ID# 501:
"Harriman philanthropy to have a board of scientific directors," The New York Times
Date:
1913
Pages: 1 of 1
Source:
American Philosophical Society, Dav, B:D27,Ser 2,CSH-ERO
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&quote;Harriman philanthropy to have a board of scientific directors,&quote; The New York Times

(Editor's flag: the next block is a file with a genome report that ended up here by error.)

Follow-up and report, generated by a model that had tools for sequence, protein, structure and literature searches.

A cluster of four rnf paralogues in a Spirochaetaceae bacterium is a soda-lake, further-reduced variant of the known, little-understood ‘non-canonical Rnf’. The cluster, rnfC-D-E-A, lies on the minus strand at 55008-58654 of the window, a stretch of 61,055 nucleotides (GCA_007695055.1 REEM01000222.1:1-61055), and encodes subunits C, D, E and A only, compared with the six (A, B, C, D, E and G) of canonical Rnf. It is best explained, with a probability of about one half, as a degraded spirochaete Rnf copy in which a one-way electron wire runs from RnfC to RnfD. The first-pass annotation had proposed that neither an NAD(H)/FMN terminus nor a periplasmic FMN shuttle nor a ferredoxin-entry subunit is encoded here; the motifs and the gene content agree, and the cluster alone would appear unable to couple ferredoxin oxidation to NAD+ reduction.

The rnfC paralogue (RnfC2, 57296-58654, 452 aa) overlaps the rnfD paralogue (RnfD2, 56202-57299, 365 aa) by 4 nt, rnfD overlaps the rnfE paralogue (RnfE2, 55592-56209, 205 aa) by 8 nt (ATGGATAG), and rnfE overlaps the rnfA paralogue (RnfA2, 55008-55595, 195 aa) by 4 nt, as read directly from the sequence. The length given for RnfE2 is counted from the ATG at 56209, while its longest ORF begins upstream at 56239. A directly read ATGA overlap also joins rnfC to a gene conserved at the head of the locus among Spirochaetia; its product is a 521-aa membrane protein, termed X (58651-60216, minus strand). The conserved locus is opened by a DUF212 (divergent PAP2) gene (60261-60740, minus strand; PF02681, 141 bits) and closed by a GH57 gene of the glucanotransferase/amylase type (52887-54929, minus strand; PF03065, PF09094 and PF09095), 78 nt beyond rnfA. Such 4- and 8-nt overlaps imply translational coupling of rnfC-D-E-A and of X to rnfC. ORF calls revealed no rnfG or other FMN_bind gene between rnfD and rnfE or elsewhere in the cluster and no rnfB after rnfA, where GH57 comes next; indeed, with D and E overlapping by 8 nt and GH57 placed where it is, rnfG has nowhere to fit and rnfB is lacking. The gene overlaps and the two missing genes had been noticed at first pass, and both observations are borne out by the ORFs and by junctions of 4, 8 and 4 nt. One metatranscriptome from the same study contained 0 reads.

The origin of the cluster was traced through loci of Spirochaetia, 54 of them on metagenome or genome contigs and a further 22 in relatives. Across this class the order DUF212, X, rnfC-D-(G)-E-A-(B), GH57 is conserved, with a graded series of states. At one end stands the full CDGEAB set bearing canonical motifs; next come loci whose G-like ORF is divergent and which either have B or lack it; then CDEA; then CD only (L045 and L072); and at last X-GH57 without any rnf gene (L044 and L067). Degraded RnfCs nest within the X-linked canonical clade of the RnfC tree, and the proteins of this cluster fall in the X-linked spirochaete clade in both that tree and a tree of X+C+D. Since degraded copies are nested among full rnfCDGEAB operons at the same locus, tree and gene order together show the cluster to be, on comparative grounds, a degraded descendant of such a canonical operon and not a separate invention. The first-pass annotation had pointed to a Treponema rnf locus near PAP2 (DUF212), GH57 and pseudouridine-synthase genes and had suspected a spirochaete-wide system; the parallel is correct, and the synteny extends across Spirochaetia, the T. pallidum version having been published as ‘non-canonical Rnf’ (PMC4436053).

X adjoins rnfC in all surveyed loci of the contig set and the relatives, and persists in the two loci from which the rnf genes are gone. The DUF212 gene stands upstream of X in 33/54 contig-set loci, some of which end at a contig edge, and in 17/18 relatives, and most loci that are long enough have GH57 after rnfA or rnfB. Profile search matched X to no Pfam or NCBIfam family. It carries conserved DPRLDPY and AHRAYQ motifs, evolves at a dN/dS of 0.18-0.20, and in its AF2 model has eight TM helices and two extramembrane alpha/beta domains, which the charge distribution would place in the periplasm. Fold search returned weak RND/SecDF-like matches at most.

The New York Times, Sunday, M Extends Work in Eugenics Harriman Philanthropy to Have a Board of Scientific Directors. The Eugenics Record Office, which was established at Cold Spring Harbor, L. I., in October, 1910, by Mrs. E. H. Harriman, and which ever since has been active in this field, with the additional assistance of John D. Rockefeller and others, has recently entered upon a new stage of development. A Board of Scientific Directors has been organized, comprising Dr. Alexander Graham Bell, Chairman; Dr. William H. Welch, professor of pathology, Johns Hopkins Hospital, Vice Chairman; Prof. Irving Fisher, Yale University; Prof. Lewellys Barker of Johns Hopkins Hospital; Prof. E. E. Southard of Harvard University and Director of the Psychopathic Hospital, Boston, and Dr. C. B. Davenport, who will be Secretary of the board and resident director. The board met at Cold Spring Harbor on March 28 and arranged for its work. The aim of the Eugenics Record Office was defined to be as follows: First, to promote researches in eugenics that shall be of utility to the human race. This part of the programme will include the study of America's most effective blood lines and the methods of obtaining the preponderance and relative increase of the best strains; the study of the origin of and the best methods of restricting the strains that produce the defective and delinquent classes of the community; the study of the method of inheritance of particular traits; the study of the consequences of marriages of close kin; the study both of this country and abroad of the family histories of permanent immigrants. Second, to publish the results of these researches. Third, to provide a fireproof building for the preservation of eugenical records, including genealogical works and town histories. Fourth, to provide an administrative office and staff to carry on the work. The fireproof building provided by Mrs. Harriman, which is to be the new home of the office, is being rapidly pushed to completion. The Board of Scientific Directors of the Eugenics Record Office will meet each Spring at Cold Spring Harbor to consider the projects most worthy of support during the ensuing year, which will begin on Oct. 1, and it will meet again in November to receive a report of the work of the office in the preceding fiscal year. The resident director has general charge of the plant and its operations, and is authorized to ask for and receive in the name of the board funds to carry on the work. The board voted in favor of the organization of a Eugenics Research Association, of which a meeting will be called early in June. To Extend Corona Line. Dwellers in Amity Street, Flushing, Oppose Elevated Structure. To study the question of an extension of the rapid transit lines from Corona to Flushing, Controller Prendergast and Borough Presidents McAneny and Connolly took an automobile trip yesterday afternoon through the district. A strong movement has been on foot in Flushing to induce the city to continue the Corona line through Amity Street by an elevated structure. An equally determined resistence[sic] is being made by the property holders in Amity Street, who want to keep the elevated structure off that thoroughfare. They assert that this street is the oldest

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